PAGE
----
• Virginia Tech: 65th scoring offense, 61st passing offense, 63rd rushing offense; 5th scoring defense, 21st passing defense, 16th rushing defense
  • Oklahoma State: 3rd scoring offense, 1st passing offense, 43rd rushing offense; 86th scoring defense, 120th passing defense, 27th rushing defense

Six weeks ago it seemed that both of these teams could be destined for their conference championship games but late season losses to #5 Oklahoma and #10 Miami dashed those hopes.  It’ll be an interesting strength vs strength matchup when Oklahoma State has the ball.

When Oklahoma State does have the ball, they often score.  They average 46.3 points per game.  Their lowest output of the season came against Texas with just 13 points but other than that they have scored 31+ in every game.  Responsible for those points are QB Mason Rudolph, RB Justice Hill,  WR James Washington and WR Marcell Ateman.  Rudolph is one of my top 2018 rookie QBs for fantasy purposes (he’s big, good accuracy, typically limits mistakes and is a better runner than the stats show because of negative yardage from sacks).  I profiled Rudolph twice this season, once in the preseason and once in Week 4 if you’d like to read more.  I also discussed Washington in depth in Week 6 but to recap, he is a burner who was a high school track star.  He caught 69 balls this year for 1,423 yards and 12 TDs.  That works out to a 20.6 yards per reception average which was 10th in the FBS this season.  Washington will be a Top 3 WR in most fantasy leagues this Spring.  The other two offensive stars, Hill and Ateman, don’t get enough publicity.  Hill is a second year starter as a sophomore and already has nearly 2,500 career yards; he improved as a pass catcher this year which allows him to stay on the field for more snaps.  Ateman may just end up being the best pro player out of the group.  He’s big at 6’4″ and 220lbs and uses that frame to high point the ball and fight for contested catches.  Highlight reels can be misleading, but check out the string of catches he makes in this recent Youtube video from 1:22 to 1:45.  Ateman won’t get drafted as high as Washington but he’ll be productive in the NFL if he keeps playing like that.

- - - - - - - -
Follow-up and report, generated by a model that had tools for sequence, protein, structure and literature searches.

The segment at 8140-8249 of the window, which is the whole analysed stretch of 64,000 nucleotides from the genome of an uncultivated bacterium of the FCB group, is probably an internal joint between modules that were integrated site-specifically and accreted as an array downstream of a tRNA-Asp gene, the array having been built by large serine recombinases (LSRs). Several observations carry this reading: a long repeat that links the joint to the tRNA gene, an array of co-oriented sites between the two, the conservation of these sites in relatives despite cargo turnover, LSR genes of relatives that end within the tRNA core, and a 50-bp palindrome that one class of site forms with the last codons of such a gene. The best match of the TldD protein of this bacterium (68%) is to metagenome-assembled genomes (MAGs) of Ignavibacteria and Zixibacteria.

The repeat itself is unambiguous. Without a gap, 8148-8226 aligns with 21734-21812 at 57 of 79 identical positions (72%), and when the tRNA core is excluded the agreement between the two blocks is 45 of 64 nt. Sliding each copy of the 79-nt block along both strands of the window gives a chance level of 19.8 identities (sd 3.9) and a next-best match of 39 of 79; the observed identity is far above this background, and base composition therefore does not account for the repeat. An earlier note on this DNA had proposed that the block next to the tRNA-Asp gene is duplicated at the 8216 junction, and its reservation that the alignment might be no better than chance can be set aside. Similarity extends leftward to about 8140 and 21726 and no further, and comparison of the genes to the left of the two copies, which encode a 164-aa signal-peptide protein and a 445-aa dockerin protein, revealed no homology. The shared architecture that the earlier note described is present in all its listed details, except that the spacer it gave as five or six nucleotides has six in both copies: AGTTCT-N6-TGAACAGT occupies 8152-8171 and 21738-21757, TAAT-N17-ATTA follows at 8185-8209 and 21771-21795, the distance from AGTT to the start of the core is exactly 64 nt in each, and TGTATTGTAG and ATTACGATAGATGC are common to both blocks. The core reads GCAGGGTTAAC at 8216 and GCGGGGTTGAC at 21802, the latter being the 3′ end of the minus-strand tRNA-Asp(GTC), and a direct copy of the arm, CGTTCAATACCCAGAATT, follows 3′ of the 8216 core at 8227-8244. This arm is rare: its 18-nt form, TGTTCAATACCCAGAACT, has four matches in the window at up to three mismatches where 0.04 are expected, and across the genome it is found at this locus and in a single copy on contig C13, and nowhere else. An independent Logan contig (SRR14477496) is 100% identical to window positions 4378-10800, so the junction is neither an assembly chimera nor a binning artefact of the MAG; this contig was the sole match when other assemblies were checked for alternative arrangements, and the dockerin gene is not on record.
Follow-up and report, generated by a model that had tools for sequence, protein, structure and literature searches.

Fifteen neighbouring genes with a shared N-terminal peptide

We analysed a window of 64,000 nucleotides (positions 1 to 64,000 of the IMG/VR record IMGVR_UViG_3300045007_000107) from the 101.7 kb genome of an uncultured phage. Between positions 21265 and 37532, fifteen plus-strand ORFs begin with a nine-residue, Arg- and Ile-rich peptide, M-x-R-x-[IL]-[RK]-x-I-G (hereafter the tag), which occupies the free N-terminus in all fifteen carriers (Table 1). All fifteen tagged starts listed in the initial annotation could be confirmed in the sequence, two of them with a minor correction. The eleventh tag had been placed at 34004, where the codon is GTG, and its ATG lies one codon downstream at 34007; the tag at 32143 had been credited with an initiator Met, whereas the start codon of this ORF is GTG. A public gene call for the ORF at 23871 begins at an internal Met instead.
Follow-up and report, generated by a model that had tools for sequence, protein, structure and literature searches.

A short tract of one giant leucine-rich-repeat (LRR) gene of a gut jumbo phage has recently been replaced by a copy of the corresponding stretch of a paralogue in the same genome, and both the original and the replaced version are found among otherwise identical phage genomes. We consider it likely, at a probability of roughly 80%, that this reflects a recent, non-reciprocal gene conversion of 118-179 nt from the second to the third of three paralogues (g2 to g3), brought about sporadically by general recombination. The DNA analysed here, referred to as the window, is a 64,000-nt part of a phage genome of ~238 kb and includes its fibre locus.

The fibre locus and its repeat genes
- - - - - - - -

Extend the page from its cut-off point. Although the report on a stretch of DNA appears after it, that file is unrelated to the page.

Unfortunately for Hokie fans, they will be without senior WR Cam Phillips in this one as he heals from a hernia.  Phillips led the FBS in receptions early in the season and ended with a 71-964-7 line.  He has had 40+ receptions in each of his four seasons which is great sustained productdion.  He hasn’t been super productive as far as touchdowns go though (just 17) but he did have mediocre quarterback play for his first two seasons.  That quarterback play has been decent this season with freshman Josh Jackson.  Jackson has 2,743 yards, 19 TDs and 8 INTs, completes 60.3% of his passes and added 4 rushing TDs.  There’s a drop off from Phillips to the team’s next receiver, freshman Sean Savoy (39-454-4), so I expect the offense to struggle.  On defense, LB Tremaine Edmunds does not struggle.  Edmunds is a two year starter who totaled 101 tackles, 14 tackles for loss and 5.5 sacks this season.  He also added 3 forced fumbles.  Edmunds has been getting a lot of hype on Twitter lately so I think he’ll start moving up draft boards as people digest more film.  Edmunds is WalterFootball.com’s 4th ranked OLB prospect so a first round pick is not out of the question but second round is more likely.

The Hokies defense is good but they won’t be able to stop Oklahoma State’s offense.  Sure, they might slow them down and keep the Cowboys under 35 points but there’s no way Virginia Tech can match that with Phillips out.  I originally was going VaTech but I’ve flipped.  Prediction: Oklahoma State